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25 Apr, 2024

OPINION – Sharenting: exercise of parental rights or infringement of privacy?

We all have to admit that nowadays social media have become an integral part of our lives. Social media are used for many purposes and from all ages. People use them for professional reasons or just to share moments of their lives. Young people constitute a significant proportion of internet users. For example, in 2022, 96% of young people in the EU made daily use of the internet, compared with 84% for the whole population.[1] While technology is evolving so fast, children cannot be excluded from that massive usage. According to recent research, 38% of 9-12-year-olds in Europe use social networking sites, with one in five of the age group having a profile on Facebook, even though the network sets a minimum age of 13 to join.[2]

Children from an early age share their private moments on social media and interact with other people. But what occurs when their own parents share these moments on their accounts without kids’ consent?

Many would agree that since parents are responsible for the upbringing of their children, it is in their duties to determine on behalf of their children the conditions of surfing on the Internet, using social media platforms and playing online video games, because children, while being connected online, may enter dangerous situations. Cyberbullying, online sexual exploitation, online child grooming are some of the cybercrimes that are often conducted through social media platforms. So what happens when the parents themselves expose their children to these dangers through their actions such as sharing information about their children online under the veil of parenting?

This practice is known as ‘sharenting’. The notion of ‘sharenting’ comes from the combination of ‘sharing’ and ‘parenting’ and stands for the habitual use of social media platforms by parents to share news, personal details, photos, etc. of their children.[3] As a concept, it appeared around 2010 and became a trend as the use of social media grew rapidly. However, while in the first years, people were comfortable enough to share their private life, nowadays it has become a controversial phenomenon all over the world.[4]

On the one hand, there are those who believe that sharenting is a set of actions that serves as a simple way for parents to express their pride in their kids while also building an energetic online community where people can debate concerns related to childcare and parenting. On the other hand, opponents of such behaviours believe that posting information of one’s child on the Internet corresponds to a violation of their right to privacy and can potentially break the trust in the relationship between parent and child.

When considering the best interest of the child, it is clear to me that children’s privacy needs more dynamic protection. According to a report of the Children’s Commissioner of UK[5], statistics show that parents on average have already posted approximately 1.300 pictures of their children by the age of 13. It is indeed very worrying how often parents expose private moments of their kids online. Sharenting may be just a manifestation of parents’ pride, but they should be aware of the risks of children’s exposure online.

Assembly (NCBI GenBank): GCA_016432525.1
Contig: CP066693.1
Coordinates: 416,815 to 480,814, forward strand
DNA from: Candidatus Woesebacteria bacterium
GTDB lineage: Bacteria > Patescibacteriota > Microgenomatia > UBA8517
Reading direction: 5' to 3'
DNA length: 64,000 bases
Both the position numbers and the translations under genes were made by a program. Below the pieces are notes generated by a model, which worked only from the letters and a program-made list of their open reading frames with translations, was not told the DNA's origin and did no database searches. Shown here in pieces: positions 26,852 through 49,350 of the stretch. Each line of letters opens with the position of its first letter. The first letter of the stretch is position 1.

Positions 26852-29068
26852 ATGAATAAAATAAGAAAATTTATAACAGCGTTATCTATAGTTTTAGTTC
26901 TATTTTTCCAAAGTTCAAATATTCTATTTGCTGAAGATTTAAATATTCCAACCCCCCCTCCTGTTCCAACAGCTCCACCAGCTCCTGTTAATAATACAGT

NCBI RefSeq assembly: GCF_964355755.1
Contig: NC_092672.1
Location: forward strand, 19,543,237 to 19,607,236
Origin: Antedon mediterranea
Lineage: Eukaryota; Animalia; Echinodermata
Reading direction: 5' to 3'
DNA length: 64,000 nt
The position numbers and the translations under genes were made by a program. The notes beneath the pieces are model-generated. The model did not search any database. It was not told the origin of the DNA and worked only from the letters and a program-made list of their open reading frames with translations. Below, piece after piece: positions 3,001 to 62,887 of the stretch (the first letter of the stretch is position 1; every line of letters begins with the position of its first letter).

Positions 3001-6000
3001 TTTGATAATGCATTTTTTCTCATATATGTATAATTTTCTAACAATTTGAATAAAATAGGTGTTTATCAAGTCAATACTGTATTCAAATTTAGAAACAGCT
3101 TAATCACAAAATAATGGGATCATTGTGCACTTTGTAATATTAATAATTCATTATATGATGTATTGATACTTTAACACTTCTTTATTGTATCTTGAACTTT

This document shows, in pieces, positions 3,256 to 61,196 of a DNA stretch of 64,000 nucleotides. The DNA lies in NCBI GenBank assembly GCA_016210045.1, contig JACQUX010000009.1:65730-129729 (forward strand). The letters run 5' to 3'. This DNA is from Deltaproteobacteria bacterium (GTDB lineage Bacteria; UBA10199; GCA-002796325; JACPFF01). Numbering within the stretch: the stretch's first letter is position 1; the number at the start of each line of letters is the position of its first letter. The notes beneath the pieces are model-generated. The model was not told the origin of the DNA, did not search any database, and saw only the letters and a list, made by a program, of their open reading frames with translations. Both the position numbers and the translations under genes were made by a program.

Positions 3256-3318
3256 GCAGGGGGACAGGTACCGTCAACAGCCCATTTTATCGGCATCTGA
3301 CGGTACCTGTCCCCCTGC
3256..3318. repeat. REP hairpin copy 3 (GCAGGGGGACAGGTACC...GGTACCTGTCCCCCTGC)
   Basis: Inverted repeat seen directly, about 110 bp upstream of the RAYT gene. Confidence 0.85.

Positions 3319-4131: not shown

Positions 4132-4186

More specifically, children’s images and videos posted on the Internet cannot always be erased which leaves them with a digital footprint, even if parents decide to delete them from their personal social media profiles. But most importantly, it has been noticed that children whose pictures can be found online, are more vulnerable to becoming victims of digital threats, such as interception of their personal details. Through sharenting, parents may share important details of their children, such as names, dates of birth, address, school or extracurricular activities and preferences. These details, since they are available online, can be used by individuals for conducting criminal acts such as using pictures to create abusive images or theft of children’s identities.

Even if sharenting is legal when it does not exceed the boundaries of parenting, it is still unjust and intrusive towards children. It would not be surprising if children become upset because their parents post pictures without their permission. Children may get the impression that they have no control of their data. In my opinion, the vulnerability of children must be always taken into account, and it is imperative to protect children’s personal data offline and online.

About the author: Eirini Vlachopoulou was a former Policy and Communication Assistant at COFACE Families Europe. She holds a Master’s degree in International and European Law for which she wrote the master’s thesis: “Children’s Online Privacy Protection: International Legal Aspects”.

**DISCLAIMER: All opinions in this article reflect the views of the author, not of COFACE Families Europe**


[1] https://ec.europa.eu/eurostat/statistics-explained/index.php?title=Being_young_in_Europe_today_-_digital_world

[2] https://www.webwise.ie/news/eu-kids-online-report-on-social-networking-2/

[3] https://www.collinsdictionary.com/dictionary/english/sharenting

[4] Steinberg, Stacey (2016-03-08). Sharenting: Children’s Privacy in the Age of Social Media, p. 854

[5] Children’s Commissioner report, (2018) Who knows what about me?, p. 5

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